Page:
"…The other thing is to make all the data available. One of the biggest hurdles for using government data is that everyone so used to it costing a lot and not being easily available, I think folks just don't bother. When the majority of data is free and easily accessible, then you have true open data."
"There is a tremendous amount of information available on line now. In general it is pretty easy to access. It would be useful to (1) have more Statscan material available at no cost (2) make more "raw data" available so that it could be used for a variety of purposes."
Open dialogue gives Canadians a stronger say in government policies and priorities, and expands engagement through Web 2.0 technologies. It includes opportunities to participate in Government of Canada consultations with Canadians.
Of the respondents who participated in the online consultation process, 29% had participated in a Government of Canada consultation within the past five years. The majority of respondents found it difficult to find out about Government of Canada consultations. This was echoed in responses to other consultation questions in which participants indicated that they wanted the government to improve its communications efforts.
"Notify all citizens of said consultations, either through direct mail (email) or advertising in alternative weekly papers and traditional media."
"... you can't ignore the traditional forms of consultation - letters, telephone, face-to-face, even though a significant portion of citizens will only want to use the internet for providing feedback..."
" I don't think open invitations for public feedback should be the only way to gather feedback because then you are only getting feedback from the most vocal and engaged citizens. I think you create regular feedback channels (focus groups, surveys) from randomly selected citizens who represent Canada's demographics."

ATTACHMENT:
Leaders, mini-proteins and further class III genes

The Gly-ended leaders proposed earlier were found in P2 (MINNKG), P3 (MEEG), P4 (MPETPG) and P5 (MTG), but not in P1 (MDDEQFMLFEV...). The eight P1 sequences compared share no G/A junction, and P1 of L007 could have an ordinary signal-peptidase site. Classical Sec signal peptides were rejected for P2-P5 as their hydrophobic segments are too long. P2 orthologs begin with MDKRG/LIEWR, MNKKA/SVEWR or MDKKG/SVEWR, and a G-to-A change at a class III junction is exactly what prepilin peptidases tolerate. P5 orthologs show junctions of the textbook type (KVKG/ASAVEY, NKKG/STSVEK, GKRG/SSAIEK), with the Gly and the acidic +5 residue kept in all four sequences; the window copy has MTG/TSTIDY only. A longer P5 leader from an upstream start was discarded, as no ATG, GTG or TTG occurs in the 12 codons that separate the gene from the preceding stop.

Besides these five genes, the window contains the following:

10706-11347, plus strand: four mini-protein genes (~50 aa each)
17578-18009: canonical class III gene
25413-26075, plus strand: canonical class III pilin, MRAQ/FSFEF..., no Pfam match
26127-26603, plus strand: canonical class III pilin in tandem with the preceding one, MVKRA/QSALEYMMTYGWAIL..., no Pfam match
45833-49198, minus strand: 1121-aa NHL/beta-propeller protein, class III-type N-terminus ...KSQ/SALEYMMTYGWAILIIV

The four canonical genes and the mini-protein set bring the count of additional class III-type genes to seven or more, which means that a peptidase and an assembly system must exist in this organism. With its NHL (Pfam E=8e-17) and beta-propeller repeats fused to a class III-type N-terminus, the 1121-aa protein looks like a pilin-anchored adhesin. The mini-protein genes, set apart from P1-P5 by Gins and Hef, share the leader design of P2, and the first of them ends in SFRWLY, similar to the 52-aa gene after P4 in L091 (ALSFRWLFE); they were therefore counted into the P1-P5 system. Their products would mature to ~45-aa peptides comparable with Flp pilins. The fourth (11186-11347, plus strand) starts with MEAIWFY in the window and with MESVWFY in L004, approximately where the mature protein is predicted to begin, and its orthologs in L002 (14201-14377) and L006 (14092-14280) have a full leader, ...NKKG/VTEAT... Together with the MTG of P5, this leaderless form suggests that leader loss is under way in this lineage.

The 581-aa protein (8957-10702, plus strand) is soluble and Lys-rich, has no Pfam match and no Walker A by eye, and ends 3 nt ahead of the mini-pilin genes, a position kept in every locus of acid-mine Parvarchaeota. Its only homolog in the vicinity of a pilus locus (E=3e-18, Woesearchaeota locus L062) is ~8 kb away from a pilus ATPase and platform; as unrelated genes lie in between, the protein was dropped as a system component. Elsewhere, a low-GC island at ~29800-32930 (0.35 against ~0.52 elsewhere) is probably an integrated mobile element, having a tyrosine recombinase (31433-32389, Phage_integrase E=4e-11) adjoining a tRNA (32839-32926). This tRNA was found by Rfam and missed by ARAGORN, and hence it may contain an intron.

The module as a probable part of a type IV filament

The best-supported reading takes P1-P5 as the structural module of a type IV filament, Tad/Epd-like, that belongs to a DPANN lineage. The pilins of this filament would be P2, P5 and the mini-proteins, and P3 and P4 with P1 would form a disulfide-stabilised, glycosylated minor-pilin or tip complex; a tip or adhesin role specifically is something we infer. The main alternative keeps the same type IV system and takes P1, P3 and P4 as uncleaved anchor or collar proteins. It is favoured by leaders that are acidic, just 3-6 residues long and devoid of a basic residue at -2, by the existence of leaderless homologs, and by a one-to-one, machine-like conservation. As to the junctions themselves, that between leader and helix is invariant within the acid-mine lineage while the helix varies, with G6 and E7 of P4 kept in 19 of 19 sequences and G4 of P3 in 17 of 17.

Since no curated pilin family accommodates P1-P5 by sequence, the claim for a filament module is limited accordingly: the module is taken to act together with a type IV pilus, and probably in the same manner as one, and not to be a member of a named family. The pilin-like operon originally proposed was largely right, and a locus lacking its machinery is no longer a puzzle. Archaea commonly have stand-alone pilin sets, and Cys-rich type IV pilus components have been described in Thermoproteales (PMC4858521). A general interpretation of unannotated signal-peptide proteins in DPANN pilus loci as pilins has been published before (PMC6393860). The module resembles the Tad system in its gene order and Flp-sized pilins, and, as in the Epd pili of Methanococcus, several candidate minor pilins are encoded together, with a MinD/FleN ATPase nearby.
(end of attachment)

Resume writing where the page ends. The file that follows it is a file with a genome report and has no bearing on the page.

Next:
Although the majority of participants found it difficult to learn about a Government of Canada consultation, only a quarter of the participants found it difficult to actually participate in the consultation. That was not the case when trying to discover the outcomes of their consultation participation and efforts; the majority of respondents (65%) who had participated in a Government of Canada consultation said they found it difficult (or very difficult) to obtain information about the outcome of that consultation.
"It is not so much an issue of consulting; the problem is that nothing is ever done once the consultation is completed."
"For one, after this consultation is complete, how will I be informed about the results, and the next steps? Often I find it is up to me to go digging later for information, which I do not know when the results will be tallied and what recommendations will come from it, it's always on the individual to do the work, rather than possibly gathering email addresses or contact information, which would then inform Canadians who took part in the consultation that the results are ready and it happened, there's a certain validation that my opinion counts when I know they inform me of what happened, etc."